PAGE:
His fifth album as leader and follow up to the critically acclaimed Night Owl
(Big Bridge Music, 2011), Jeff Hackworth's Soul To Go!
offers a brash new statement packed with bop, blues and soulful renditions of jazz classics. A New York-based saxophonist of note, and like many a great sax menSonny Rollins
, Charlie Parker
, Julian "Cannonball" Adderley
and Stan Getz
among otherswho have called the Big Apple their home at some point in their respective careers, has the benefit of drawing from the jazz-rich environment of the city for a supporting cast of players which he does for this effort.
Among the veteran musiciansall leaders in their own rightof his vibrant quartet, is legendary guitarist Ed Cherry
best known for his long association with the Dizzy Gillespie
bands whoalong with fellow band mate, Hammond B3 specialist Radam Schwartz
make immediate impressions on the opening salvo and title piece "Soul To Go!. Arthur Prysock
and David "Fathead" Newman
drummer Vince Ector
, anchors the rhythm section delivering a pounding beat when required and a light brushes on obvious balladic tracks like the beautiful "Autumn Nocturne" and others. The Ellington/Troup classic "The Feeling of Jazz" gets a relaxed humble read from the band yet, offers plenty of solo space for Hackworth and others.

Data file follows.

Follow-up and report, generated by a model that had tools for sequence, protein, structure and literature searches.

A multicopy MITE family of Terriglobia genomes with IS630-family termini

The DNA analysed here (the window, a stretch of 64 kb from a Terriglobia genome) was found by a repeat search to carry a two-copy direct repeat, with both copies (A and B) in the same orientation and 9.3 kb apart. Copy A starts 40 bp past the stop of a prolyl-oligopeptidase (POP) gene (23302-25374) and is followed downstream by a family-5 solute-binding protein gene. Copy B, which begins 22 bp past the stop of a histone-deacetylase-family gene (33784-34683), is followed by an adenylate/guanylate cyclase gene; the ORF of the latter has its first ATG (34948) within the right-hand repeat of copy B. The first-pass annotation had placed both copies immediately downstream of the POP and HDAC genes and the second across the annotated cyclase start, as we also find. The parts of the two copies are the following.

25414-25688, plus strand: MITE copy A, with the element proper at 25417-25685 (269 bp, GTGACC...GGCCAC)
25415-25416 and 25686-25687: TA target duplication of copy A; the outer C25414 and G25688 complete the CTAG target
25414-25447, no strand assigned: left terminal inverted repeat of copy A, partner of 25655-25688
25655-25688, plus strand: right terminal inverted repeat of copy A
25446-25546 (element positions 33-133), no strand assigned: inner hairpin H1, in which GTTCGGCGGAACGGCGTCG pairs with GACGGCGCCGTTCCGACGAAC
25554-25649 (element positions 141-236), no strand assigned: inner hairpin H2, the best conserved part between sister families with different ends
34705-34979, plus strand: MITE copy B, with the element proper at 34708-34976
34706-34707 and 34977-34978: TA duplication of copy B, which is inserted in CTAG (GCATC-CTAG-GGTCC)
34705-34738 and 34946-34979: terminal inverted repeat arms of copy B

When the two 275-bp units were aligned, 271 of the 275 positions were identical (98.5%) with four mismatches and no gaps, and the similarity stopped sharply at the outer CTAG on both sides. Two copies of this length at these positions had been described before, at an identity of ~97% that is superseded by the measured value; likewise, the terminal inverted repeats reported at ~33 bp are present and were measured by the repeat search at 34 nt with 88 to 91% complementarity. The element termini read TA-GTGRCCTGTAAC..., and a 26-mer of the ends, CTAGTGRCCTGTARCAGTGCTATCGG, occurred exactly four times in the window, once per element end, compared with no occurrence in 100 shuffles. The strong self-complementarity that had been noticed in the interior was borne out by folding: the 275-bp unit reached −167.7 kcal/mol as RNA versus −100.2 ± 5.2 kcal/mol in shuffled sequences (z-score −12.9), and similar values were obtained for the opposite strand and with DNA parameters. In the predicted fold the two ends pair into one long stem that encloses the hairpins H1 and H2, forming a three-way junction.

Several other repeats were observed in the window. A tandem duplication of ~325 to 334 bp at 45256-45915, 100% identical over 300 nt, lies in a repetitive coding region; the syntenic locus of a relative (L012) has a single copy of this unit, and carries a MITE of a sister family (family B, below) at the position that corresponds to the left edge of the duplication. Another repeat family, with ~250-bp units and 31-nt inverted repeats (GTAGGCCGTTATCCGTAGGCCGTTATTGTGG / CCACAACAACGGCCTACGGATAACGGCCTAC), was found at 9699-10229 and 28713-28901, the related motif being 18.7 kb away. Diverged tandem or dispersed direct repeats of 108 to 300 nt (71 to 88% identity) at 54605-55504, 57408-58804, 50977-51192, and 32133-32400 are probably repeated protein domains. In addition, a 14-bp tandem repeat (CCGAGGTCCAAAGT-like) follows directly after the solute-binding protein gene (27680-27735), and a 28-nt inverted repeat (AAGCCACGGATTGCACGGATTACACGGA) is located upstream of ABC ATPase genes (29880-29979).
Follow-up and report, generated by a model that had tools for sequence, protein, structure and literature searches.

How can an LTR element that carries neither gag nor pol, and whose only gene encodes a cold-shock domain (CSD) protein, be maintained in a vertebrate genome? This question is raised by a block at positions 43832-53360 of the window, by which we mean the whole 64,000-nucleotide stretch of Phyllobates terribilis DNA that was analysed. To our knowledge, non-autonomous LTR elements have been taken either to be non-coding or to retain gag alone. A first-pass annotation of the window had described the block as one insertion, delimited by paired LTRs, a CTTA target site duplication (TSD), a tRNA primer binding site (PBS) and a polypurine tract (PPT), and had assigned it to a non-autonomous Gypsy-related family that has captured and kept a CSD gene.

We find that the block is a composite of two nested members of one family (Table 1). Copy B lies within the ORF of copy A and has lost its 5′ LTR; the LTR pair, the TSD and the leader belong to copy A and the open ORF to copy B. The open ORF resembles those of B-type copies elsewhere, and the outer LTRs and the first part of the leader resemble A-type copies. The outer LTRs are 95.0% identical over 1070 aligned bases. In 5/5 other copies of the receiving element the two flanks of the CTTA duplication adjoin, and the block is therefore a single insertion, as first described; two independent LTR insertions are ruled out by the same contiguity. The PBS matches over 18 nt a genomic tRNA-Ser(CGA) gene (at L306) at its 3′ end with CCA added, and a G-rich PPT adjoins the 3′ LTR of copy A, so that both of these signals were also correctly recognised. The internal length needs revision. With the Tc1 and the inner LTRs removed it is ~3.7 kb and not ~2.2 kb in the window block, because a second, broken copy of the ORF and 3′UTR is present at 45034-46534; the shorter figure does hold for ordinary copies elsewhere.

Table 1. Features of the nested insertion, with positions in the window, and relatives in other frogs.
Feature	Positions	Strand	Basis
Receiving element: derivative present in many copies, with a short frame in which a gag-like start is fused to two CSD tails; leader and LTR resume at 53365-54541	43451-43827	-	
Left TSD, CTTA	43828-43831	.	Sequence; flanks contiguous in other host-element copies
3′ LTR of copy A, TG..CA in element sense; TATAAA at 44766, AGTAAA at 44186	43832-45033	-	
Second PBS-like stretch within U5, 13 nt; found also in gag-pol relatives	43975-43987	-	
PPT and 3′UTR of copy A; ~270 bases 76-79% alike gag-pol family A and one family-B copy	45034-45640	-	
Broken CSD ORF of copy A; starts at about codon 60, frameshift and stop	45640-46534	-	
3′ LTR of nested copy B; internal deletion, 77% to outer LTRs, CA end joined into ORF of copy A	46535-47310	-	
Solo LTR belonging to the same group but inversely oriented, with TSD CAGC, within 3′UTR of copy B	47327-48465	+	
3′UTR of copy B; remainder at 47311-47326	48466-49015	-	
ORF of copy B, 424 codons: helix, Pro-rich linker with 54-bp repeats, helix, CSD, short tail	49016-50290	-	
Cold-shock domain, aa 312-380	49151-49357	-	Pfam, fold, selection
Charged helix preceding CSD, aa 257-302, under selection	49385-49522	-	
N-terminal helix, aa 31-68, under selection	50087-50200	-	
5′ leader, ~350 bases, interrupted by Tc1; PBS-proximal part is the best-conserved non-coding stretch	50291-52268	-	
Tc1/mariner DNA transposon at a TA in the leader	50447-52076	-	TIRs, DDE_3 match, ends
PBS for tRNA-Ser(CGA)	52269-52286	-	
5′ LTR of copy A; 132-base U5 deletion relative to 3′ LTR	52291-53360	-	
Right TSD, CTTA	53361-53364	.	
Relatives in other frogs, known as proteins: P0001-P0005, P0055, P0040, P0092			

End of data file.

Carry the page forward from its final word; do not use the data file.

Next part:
Sounding a tad like the master himself, the saxophonist delivers a superb Coltrane-like performance on a fresh new arrangement of Trane's "Wise One," followed by a spicy saxophone-led blues rumble on the original "Blues In A Few," which happens to showcase appreciable solo support from every member of the group. Featuring the tender side of Hackworth's tenor saxophone voice, the music turns soft and gentle on a delicious rendition of the Rogers and Hart standard "Little Girl Blue," then, with strong highlights from Cherry, slides into a bit more upbeat texture on the original, "Live and Learn."
Providing some of his best solo sparks of the disc, Hackworth winds down the music with the burning Billy Strayhorn
tribute, "Under A Strayhorn Sky" and comes to a swinging finale in a muscular reprisal of the old Larry Russell/Inez James/Buddy Pepper song "Vaya Con Dios" sounding much livelier than when first recorded by the late Anita O'Day
in 1952, making this one of the definite highlights of the album. Hackworth states ..."my fifth album as a leader and I think It's my best yet," while obviously not an objective statement by any measure, delivered from a body of tender swinging sounds, Soul To Go!
captures an exciting command performance from which, drawing such a conclusion, is certainly understandable.